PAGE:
Rat alveolar macrophages (NR8383 cell line) were incubated for 24 h with 10% plasma from male Sprague-Dawley rats that had been exposed to sham exposure conditions (plasma of three sham exposed rats), or exposed to 42°C (n=3, as positive control) environmental heat or 35 GHz millimeter waves (n=3) until core temperature reached 41°C.
The authors hypothesized that 35 GHz millimeter waves can elicit the release of biologically active mediators into the systemic blood circulation leading to downstream responses in cells and tissues. Use of an in vitro assay allows delineation of effects induced by plasma-borne compounds from the direct effects of heating that would likely be exhibited by macrophage cells derived from the millimeter wave-exposed rats. Macrophages were selected because they have a major role in immune system functions, and, were shown in previous studies to be affected by millimeter wave exposure (see "related articels").
As a positive control for Western blot macrophages were treated for 24 h with a mixture of lipopolysaccharide and recombinant rat IFN-gamma in culture medium.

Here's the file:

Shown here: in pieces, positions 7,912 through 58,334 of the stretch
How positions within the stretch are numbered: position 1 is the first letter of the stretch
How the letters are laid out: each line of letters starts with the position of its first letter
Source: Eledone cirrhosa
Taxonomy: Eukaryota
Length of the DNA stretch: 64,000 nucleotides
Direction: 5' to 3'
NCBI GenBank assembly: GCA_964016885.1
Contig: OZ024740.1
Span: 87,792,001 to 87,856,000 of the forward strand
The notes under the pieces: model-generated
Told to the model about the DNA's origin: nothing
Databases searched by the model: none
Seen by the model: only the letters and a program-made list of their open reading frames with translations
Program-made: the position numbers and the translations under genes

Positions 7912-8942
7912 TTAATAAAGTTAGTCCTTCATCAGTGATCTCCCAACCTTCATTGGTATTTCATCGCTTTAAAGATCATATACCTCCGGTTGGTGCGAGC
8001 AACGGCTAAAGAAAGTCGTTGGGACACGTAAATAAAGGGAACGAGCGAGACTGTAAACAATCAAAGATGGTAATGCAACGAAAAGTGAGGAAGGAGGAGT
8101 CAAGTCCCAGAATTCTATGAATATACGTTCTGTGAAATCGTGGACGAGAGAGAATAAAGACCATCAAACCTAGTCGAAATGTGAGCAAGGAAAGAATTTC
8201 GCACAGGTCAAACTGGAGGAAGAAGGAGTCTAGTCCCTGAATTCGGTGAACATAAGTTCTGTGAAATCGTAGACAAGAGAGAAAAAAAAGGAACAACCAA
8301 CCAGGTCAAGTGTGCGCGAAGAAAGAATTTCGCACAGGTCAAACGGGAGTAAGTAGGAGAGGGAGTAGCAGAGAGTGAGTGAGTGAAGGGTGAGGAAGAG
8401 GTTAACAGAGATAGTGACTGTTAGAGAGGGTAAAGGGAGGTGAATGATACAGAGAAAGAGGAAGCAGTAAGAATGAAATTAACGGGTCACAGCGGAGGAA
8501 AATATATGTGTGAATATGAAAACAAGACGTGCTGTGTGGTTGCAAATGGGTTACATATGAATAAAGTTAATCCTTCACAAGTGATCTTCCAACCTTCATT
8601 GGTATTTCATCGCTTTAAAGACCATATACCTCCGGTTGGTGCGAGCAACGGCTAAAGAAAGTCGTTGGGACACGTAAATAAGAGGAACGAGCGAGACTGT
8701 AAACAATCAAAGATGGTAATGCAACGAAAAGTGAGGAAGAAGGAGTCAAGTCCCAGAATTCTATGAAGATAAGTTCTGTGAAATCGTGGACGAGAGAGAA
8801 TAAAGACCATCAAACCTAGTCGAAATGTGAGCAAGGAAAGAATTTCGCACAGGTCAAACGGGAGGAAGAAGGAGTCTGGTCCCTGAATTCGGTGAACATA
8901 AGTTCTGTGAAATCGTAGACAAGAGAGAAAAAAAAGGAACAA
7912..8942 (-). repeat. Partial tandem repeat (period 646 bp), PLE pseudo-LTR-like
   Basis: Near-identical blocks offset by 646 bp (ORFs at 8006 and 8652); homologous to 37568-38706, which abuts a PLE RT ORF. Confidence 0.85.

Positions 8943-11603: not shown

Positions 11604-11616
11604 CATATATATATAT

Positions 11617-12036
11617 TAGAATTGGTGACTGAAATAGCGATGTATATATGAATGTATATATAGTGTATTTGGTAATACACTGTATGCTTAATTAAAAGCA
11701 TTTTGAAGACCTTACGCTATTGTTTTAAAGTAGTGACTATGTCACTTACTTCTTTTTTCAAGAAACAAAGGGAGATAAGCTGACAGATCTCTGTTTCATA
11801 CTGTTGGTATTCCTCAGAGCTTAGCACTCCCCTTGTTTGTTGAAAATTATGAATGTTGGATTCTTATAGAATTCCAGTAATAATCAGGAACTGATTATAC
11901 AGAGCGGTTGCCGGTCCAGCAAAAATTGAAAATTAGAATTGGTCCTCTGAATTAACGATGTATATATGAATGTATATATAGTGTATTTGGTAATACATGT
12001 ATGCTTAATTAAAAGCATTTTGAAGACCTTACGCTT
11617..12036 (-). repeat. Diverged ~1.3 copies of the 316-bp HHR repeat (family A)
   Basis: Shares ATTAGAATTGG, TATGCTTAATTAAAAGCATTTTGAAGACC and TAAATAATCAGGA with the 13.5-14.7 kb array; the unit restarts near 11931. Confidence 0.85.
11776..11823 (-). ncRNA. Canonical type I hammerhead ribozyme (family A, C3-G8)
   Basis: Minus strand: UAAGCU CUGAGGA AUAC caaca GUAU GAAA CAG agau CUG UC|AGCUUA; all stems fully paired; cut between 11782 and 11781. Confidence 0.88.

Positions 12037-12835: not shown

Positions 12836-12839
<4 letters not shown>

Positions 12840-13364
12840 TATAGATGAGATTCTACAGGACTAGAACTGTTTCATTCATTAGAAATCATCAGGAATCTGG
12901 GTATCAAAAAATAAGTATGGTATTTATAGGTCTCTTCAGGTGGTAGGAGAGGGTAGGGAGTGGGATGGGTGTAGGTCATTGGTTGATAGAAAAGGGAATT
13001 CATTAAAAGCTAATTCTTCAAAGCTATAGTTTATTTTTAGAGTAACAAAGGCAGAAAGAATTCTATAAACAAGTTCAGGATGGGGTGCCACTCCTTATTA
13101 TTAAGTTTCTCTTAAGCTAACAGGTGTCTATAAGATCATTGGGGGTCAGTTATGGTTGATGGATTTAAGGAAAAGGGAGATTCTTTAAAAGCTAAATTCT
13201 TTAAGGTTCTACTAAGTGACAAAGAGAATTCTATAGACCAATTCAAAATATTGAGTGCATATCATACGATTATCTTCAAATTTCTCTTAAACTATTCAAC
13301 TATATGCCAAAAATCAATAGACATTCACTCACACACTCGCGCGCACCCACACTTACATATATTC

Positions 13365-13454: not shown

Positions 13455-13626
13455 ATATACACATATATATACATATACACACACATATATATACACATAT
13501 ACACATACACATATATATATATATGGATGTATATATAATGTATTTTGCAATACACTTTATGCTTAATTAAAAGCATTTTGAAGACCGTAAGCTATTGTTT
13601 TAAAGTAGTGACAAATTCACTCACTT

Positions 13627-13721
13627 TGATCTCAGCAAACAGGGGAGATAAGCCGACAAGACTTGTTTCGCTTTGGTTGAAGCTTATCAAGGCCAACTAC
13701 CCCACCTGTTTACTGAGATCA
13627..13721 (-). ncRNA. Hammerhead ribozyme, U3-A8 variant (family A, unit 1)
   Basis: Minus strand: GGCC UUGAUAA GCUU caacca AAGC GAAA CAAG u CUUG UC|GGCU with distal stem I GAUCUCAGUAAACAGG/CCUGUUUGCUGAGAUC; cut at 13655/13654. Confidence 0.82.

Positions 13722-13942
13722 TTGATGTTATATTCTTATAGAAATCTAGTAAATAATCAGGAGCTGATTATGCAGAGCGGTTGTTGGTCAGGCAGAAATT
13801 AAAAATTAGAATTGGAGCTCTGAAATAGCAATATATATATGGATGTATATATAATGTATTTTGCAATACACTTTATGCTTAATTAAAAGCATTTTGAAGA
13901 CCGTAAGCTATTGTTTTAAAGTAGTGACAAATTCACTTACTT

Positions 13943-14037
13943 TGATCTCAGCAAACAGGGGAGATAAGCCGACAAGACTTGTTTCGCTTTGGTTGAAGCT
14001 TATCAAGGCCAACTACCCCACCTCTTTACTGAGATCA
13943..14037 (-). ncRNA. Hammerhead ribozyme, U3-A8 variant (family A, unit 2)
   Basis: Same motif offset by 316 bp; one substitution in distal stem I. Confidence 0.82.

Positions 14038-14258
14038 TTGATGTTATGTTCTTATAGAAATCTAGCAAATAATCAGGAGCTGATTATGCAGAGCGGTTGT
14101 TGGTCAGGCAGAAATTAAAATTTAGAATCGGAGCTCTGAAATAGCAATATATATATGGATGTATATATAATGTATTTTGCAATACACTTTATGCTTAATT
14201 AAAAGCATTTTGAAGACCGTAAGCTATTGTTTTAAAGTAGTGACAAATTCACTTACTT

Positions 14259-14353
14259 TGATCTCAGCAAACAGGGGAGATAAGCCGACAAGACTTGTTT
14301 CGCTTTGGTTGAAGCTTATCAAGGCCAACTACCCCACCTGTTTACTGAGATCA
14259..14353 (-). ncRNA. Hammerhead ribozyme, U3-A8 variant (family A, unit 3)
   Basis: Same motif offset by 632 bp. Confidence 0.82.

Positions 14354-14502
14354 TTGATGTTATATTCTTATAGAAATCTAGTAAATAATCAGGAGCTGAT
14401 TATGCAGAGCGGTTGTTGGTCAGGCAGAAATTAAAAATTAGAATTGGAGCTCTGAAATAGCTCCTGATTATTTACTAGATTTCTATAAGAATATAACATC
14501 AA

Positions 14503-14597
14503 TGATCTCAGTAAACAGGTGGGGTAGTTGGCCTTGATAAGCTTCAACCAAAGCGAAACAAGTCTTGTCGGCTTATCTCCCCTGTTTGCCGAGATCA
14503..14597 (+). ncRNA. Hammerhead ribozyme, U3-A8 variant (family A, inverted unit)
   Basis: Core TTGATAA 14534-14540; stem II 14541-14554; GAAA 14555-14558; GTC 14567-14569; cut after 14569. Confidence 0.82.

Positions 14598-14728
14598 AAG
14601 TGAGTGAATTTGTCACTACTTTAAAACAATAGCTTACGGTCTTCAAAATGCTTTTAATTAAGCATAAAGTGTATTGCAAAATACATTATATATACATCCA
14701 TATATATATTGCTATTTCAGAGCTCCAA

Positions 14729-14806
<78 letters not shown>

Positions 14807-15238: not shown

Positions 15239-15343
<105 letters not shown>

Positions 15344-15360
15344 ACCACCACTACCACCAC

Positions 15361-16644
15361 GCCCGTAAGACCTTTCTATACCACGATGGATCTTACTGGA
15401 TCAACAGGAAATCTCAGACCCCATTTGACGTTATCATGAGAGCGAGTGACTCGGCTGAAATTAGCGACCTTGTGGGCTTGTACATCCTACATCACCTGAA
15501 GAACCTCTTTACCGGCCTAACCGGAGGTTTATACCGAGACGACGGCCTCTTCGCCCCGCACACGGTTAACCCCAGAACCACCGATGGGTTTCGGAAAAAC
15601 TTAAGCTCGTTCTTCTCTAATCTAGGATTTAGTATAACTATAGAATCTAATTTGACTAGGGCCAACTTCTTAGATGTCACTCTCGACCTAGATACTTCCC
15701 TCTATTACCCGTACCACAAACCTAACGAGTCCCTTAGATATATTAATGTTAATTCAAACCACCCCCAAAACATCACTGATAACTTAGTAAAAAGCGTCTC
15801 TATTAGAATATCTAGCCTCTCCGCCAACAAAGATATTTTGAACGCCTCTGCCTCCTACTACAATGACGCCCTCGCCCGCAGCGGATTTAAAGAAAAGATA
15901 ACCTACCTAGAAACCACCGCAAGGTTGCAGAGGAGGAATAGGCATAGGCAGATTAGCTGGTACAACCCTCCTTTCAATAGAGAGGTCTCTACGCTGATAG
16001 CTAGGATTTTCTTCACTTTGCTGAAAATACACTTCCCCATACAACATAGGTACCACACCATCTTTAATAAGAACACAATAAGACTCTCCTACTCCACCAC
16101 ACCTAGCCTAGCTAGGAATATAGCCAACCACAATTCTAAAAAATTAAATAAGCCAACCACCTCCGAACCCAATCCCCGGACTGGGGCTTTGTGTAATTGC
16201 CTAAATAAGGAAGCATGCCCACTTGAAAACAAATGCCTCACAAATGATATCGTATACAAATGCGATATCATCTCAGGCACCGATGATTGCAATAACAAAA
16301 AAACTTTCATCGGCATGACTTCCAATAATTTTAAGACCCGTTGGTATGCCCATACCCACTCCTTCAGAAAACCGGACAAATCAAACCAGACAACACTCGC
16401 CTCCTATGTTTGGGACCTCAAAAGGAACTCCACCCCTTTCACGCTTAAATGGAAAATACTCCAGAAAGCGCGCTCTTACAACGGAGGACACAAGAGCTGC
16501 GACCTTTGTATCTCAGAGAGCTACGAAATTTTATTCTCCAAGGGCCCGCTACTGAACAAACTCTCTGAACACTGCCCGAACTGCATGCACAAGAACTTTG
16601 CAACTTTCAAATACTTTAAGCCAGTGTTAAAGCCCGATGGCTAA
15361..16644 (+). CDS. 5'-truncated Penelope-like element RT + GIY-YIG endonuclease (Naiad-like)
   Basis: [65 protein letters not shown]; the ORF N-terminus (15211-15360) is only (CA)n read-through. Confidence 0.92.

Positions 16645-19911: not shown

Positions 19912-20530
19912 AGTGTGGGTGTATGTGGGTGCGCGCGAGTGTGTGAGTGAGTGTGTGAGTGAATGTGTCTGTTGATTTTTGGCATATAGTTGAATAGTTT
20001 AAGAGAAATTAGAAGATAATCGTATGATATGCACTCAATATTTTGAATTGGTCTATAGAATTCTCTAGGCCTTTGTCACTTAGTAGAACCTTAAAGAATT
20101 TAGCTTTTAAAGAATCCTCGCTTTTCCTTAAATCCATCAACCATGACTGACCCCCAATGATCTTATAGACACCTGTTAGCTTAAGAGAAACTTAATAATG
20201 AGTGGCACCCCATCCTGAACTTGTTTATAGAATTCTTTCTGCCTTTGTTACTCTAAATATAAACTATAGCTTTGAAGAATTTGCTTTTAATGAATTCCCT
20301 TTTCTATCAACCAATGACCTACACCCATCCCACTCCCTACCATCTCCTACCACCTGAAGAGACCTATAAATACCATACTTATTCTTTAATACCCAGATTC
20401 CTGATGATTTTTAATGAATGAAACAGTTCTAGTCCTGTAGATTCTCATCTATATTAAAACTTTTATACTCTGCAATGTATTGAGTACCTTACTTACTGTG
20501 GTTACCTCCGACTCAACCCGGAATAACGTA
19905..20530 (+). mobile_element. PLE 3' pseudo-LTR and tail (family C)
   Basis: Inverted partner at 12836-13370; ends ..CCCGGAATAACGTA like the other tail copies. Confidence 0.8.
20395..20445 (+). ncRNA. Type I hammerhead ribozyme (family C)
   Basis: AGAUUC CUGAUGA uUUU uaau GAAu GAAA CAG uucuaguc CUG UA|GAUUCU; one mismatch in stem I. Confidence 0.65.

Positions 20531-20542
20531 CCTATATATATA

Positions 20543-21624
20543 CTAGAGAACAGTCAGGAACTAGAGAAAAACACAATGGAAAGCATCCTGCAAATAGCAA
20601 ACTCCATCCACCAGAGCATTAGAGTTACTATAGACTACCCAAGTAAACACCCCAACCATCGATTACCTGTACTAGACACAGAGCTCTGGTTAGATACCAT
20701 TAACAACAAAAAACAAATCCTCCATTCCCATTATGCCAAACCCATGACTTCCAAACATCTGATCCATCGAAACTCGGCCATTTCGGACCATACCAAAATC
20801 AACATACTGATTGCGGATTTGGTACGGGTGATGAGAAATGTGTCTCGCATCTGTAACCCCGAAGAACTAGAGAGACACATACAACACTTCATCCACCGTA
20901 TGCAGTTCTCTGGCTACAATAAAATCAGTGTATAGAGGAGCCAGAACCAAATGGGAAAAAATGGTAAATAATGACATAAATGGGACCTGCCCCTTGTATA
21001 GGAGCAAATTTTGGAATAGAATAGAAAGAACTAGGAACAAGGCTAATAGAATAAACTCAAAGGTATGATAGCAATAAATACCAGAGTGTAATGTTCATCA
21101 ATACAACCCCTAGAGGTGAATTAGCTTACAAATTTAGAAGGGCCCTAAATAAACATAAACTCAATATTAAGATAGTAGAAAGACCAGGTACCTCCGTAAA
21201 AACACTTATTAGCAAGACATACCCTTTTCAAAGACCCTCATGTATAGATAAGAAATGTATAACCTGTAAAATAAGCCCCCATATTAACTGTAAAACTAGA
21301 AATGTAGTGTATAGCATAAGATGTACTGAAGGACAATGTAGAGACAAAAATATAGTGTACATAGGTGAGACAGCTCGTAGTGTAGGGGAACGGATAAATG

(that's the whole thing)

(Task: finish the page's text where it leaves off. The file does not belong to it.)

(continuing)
|Distance between exposed object and exposure source||110 cm|
|Setup||conical horn antenna with an aperture of 6.8 cm; anesthetized rats placed on a stand with the clipped side of the body centered along the boresight of the horn antenna|
|Sham exposure||A sham exposure was conducted.|
Compared to plasma from sham exposed rats, plasma from heat or millimeter wave exposed rats increased the expression of 11 proteins, and levels of 3-nitrotyrosine in seven proteins, in the NR8383 cell line. These altered proteins are associated with inflammation, oxidative stress, and energy metabolism.
Findings of this study indicate both environmental heat and 35 GHz millimeter wave exposure elicit the release of macrophage-activating mediators into the plasma of rats.